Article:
Step by step, Tim Cook and his team are putting all the pieces in place to introduce The Next Big Thing in 2023 - Apple Glasses, the device that will take us from the smartphone era to one where wearables are the key to our existence in the information age. The latest chess move was revealed today in the form of the iPad Pro 2020's new secret weapon: the ToF sensor, which Apple calls the LiDAR sensor.

But what the heck is LiDAR, why does Apple call its ToF LiDAR, and why is it so important to the future of Apple AR Glasses - and the future of computers themselves?

What is LiDAR?


How does LiDAR - Light Detection And Ranging - work?

In short, a laser - usually infrared - is fired in a pattern across whatever is in front of it. This is what illuminates the scene. The camera then measures the time it takes for each fired photon to return to the emitter.

By measuring the time it takes to return - hence its name, the time of flight of a fired photon - you can calculate the distance between the camera and any objects hit by the photons.

Furthermore, algorithms for pattern deformation analysis can easily be applied, which give a better understanding of the objects that LiDAR measures and thus provide data to AI for object identification.

There are other considerations such as close light sources and concave surfaces that can confuse the time-of-flight sensor, but these can be addressed by other algorithms.

With the instantaneous measurement of the distance between objects and the transmitter obtained by the ToF sensor on the iPad - or the Samsung Galaxy S20 Ultra - the processor will be able to get precise 3D geometric data from the world around it.

Why is Apple calling this sensor LiDAR instead of ToF?

Apple has chosen to call the iPad's 3D sensor a "LiDAR sensor" for reasons I don't understand. The fact is that the LiDAR sensor is the form of ToF that Samsung and other manufacturers call it in their devices. Their sensors are mostly made by Sony, which has 95% of the market share for this type of technology. In fact, Apple is also allegedly using the same ToF sensors from Sony.

Perhaps Apple, always a master marketer, did this to differentiate itself from everyone else, knowing that one, everyone uses the term ToF and, two, not many people have any idea what ToF is. It is one of those obscure technical terms that gets thrown around in spec sheets.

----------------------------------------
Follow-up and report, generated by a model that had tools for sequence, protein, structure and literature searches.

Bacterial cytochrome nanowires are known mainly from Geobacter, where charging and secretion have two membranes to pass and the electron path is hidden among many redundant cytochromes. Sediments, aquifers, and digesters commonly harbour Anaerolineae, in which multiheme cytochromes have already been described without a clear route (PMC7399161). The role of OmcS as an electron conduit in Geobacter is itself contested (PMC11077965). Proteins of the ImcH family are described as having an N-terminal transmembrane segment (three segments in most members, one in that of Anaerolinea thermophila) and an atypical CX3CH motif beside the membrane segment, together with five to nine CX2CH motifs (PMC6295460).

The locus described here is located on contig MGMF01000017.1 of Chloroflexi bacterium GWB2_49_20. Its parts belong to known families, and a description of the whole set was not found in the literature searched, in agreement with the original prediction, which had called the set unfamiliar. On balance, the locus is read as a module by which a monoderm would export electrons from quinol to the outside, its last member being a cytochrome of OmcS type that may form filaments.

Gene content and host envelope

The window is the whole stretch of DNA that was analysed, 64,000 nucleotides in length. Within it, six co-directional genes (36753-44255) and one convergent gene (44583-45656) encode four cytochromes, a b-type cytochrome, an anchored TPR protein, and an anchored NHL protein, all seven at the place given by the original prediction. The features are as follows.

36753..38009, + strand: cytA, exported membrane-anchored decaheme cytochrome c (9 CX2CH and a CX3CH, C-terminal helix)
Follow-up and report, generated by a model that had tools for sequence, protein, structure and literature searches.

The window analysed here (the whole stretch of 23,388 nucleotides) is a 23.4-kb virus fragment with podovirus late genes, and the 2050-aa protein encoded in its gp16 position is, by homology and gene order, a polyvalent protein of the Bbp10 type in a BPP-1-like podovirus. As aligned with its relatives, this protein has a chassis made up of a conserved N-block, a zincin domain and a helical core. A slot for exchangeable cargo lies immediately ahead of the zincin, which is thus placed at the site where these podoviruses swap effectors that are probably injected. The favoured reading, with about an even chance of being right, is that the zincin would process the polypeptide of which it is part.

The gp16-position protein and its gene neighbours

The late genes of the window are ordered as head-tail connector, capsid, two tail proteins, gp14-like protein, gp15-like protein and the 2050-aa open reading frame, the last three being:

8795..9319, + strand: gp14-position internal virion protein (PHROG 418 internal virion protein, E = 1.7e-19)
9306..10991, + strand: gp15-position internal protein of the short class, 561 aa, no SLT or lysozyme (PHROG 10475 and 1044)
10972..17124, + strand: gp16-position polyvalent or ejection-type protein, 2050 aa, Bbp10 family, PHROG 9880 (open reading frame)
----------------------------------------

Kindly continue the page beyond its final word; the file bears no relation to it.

At least people have heard of LiDAR for some time. Many people know that these are cameras that help autonomous cars recognize the world around them and navigate safely. In fact, Apple has been working with LiDAR for some time on its Titan project, the infamous Apple Car that never saw the light of day.

Apple also claims on its website that NASA is using the same technology on the 2020 Mars Rover, and it's true. Curiosity uses it too. Just definitely not the sensor that Apple uses, but a much more advanced one. And in fact many of them, and more so than for terrain navigation.

Does it work well?

During Apple's virtual press preview for the new iPad Pro, Tom's Guide editor in chief Mark Spoonauer got a preview of some of the AR apps that will be available and optimized for the iPad Pro's LiDAR scanner, including a game called Hot Lava that brings (you guessed it) hot lava right into your living room along with a very realistic looking main character.

The Complete Anatomy app was also impressive, as it can show you in real time which muscles the person in front of you is using when moving. And IKEA Place looked much better, as Apple's A12Z Bionic chip makes setting up your virtual room instantaneous. Presumably the power of Apple Glasses will rest in your iPhone or iPad, but the glasses themselves will have a LiDAR scanner on board.

Why LiDAR is crucial for Apple Glasses

Apple Glasses will need this 3D sensor technology to operate at 110% of its capabilities when they come out in 2023. As the iPad Pro will show, truly compelling augmented reality applications need to have immediate and continuous knowledge of its surroundings to effectively connect virtual images to the real world.

Knowing what the world around you looks like in 3D at all times will allow you to accurately position 3D objects in the world, apply textures to real world objects, and place virtual objects behind physical objects. If you want your new fantastical, mixed reality world to feel real to your eyes, you need all of these skills working constantly at a high frame rate. This is how connected reality can look on Apple Glasses - albeit a dystopian reality.

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